Tina: No, I don’t think so because it becomes a habit to work like that. So actually when you are a professor then you expect other people to live the same style as you did. I remember from a professor I had, he said: ”Life is hard, it should be tough” and I thought why? I only have one life and it is very short – of course it’s tough – but in what way? I thought it was a negative way of why should my life be that path. When I came to industry they had a completely different mindset. They said we want to have a great life. I remember when my manager in industry said: “Tina you have done a good job here, so why don’t you go home on Friday”. I said: “What?! Can I go home on Friday?” It’s completely different but you know we have been here discussing and I think it’s now time to round up a little bit.
So if you now think about the followers and the listeners we have, if you just give them some tips on what to think about it?
Martin: I think an important tip is for me to early on look for alternatives. Really the problem is that you focus on the academic track and a lot of people are really having biased idea that they can stay. Which isn’t supported by the evidence in reality so much. I think this is something which needs to be changed. I think it’s really important for the individual to start to stop a little bit, pause a little bit, try to get out of the stressful loop a little bit and try to reflect a bigger thing and then orient yourself.
I think there are ways to be really successful in the system without burning out. This is something which you can find. My supervisor was somebody like this. He was really relaxed, he was publishing the most of the directors in our institute but he was never pushing anybody. The other directors were trying to push their people and this was backfiring.
My supervisor was like in the first half year of your PhD you’re just reading and preparing and find out what you want with your PhD and then we talk. This half a year you just get your own ideas and then you are completely differently motivated than when the supervisor in the first week gives you the protocols and says “Okay, now you have three years, do this!”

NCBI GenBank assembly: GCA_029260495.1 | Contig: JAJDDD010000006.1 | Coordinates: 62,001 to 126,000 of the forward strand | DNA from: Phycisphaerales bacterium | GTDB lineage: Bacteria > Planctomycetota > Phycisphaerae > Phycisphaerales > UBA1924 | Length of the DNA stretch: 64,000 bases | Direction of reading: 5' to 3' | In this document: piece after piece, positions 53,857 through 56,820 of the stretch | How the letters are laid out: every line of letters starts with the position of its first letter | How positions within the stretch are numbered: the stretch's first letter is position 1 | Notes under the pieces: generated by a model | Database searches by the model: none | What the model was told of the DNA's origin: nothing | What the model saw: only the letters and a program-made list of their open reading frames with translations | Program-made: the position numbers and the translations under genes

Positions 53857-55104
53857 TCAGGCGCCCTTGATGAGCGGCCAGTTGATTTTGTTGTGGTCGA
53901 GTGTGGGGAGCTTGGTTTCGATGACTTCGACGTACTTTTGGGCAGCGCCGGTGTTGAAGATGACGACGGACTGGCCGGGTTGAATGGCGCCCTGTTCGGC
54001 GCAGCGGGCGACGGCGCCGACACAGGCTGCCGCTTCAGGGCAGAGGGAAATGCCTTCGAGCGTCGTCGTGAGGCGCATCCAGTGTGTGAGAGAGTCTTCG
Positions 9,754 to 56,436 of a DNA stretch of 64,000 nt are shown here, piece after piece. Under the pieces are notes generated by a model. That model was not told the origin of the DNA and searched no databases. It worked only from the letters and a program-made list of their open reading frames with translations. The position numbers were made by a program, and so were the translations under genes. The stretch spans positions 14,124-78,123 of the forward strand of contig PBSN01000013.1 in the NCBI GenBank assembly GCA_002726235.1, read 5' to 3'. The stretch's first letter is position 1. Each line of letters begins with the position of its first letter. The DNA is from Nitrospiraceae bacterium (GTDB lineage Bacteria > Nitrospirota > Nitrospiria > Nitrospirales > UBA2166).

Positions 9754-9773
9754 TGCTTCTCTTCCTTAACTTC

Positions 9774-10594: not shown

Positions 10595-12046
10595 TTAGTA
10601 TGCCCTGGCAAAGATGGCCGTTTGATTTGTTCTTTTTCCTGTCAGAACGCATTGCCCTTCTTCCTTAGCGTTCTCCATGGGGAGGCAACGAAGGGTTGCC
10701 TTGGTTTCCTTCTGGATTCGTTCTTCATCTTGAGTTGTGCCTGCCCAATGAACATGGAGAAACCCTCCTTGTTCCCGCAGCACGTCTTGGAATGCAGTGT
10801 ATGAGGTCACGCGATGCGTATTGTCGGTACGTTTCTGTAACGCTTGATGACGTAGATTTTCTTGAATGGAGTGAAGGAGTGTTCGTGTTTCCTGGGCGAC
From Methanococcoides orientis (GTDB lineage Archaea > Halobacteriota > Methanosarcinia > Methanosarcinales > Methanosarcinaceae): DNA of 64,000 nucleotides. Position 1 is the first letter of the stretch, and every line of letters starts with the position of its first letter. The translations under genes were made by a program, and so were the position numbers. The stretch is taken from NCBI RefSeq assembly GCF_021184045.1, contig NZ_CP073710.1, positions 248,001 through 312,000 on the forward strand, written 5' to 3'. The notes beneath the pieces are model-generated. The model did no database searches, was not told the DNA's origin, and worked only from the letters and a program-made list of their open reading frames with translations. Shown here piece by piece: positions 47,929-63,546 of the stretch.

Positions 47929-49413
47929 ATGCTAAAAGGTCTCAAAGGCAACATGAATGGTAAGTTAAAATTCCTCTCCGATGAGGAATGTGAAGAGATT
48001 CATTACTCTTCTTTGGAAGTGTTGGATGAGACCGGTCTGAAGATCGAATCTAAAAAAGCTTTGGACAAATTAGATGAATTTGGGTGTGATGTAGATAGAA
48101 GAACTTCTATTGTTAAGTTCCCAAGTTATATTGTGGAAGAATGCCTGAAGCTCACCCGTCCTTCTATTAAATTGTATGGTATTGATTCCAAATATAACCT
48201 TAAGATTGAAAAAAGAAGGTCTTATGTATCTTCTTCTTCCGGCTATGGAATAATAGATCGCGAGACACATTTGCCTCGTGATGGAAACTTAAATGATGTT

That’s something I learned from him to open this creative space, which I think is important for science not only to follow somebody in a track but really to generate your own ideas. This is something I would also like to encourage people to. To find really your own ideas and this could be something, which is not in the line of your supervisor but this is something which can bring the system to a different level than when you just follow footsteps from people who already went there.
Tina: What you’re touching actually is that we need maybe a new kind of leadership in academia and you can see that the leadership has changed a lot in many industries. You know we talk about team management, communication and that you find a coaching leadership. I’m not going to talk about that but that people find their own motivation. Because in that way you work actually better even though it’s less hours – because it’s not about the hours you do it, it’s what you do with the hours.
Martin thank you very much it’s been extremely nice and talking to you and meeting you again here. I’m looking forward to get the response from the podcast and I’m sure that you have helped a lot of people by sharing.
So thank you very much and this is Tina Persson reporting here. I say thank you to all followers. Don’t hesitate to contact PhD Career Stories if you have any ideas of topics, or if you know anyone that would like to share a story or if you for that sake like to share your own story.
Tina Persson from Berlin, all the best.